Transport prices mail-order sale of Spanish cheese to UK etc private customers?

More delights from the lives of SME exporters in the EU.

An acquaintance with a well-run Spanish online sales operation wants to start mailing small orders (say a couple of 2kg cheeses) to British and German clients, but the lowest transport quote he’s got from various Spanish transporters within the 0-8ºC margin is 225€ (!!!) because they won’t work internationally with anything smaller than a palette. Any better ideas, apart from paying Ryanair tickets for unemployed couriers?

(And while you’re at it, what about a scheme for clarifying VAT reverse charging procedures across the EU, particularly for invoices between those jurisdictions where registration is voluntary up to decent single trader earnings and those which haven’t got a similar arrangement and don’t give a Å¿uck about the rest of the zone except when their cucumbers are suspected of having been employed in a Hanseatic sailors’ brothel.)

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  1. First you need to change the entire climate and ecosystem so that the sheep eat aromatic herbs, condoms and old fridges rather than the green green grass of home, otherwise it won’t taste the same.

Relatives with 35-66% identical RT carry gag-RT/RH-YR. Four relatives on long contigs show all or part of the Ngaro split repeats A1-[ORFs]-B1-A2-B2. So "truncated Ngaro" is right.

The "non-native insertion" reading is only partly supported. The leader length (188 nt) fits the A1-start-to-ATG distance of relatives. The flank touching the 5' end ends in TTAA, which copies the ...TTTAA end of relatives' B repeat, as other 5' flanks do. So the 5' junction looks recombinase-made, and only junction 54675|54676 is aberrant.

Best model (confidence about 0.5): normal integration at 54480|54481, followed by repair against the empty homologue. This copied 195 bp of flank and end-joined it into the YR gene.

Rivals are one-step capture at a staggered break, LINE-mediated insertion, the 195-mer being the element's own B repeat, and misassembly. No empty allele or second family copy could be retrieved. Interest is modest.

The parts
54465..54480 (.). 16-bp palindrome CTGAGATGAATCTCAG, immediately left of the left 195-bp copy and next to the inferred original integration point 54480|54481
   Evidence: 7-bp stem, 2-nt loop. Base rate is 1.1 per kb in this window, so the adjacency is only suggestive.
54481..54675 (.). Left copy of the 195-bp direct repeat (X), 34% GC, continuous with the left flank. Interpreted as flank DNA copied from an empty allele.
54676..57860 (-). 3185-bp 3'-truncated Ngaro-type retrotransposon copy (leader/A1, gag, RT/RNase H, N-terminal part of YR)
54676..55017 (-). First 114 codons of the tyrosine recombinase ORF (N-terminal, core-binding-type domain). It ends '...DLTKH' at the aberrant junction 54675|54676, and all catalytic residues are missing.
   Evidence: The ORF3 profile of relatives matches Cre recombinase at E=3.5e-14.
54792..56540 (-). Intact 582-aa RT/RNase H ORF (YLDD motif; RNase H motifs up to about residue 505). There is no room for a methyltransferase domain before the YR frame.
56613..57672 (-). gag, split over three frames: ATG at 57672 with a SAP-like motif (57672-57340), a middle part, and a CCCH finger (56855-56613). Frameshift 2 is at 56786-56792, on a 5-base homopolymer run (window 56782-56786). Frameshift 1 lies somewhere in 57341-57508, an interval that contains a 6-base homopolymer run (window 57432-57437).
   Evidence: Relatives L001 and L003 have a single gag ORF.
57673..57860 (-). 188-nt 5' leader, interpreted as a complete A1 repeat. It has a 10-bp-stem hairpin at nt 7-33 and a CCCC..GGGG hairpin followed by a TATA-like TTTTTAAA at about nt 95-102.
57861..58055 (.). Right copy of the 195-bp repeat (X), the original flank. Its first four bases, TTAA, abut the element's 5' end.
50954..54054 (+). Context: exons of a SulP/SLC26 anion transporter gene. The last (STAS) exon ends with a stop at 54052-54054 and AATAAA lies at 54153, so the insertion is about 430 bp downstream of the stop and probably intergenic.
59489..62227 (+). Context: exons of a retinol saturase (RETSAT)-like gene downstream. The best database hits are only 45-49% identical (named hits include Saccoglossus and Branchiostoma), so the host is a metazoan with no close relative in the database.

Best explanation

2. @Náiguel Too obvious, the well-run business has certainly checked with competitors over at Ebay. It will have found out that a 2kg parcel costs around 20 Euros.

    And think about the carbon footprint!

  3. Don’t think they’ve done a huge amount of research. Fedex refrigerated overnight in the EU costs around 30€ for 3kg.

  4. Does cheese survive freezing? If so, mylar wrapper and regular overnight courier.

  5. At the other temperature extreme, I have been wondering about the potential of running down the world’s stockpiles of ballistic missiles by using them as door-to-door cheese delivery vehicles. I imagine Wallace and Gromit will have covered this, and the drag and other properties of a variety of cheeses, with the inevitable conclusion that this foreign muck isn’t needed anyway.

  6. I reckon that ICBMs are exposed to cosmic radiation, and I wonder what that would do to cheese. I’m sure it would not be allowed on the German market without much testing.

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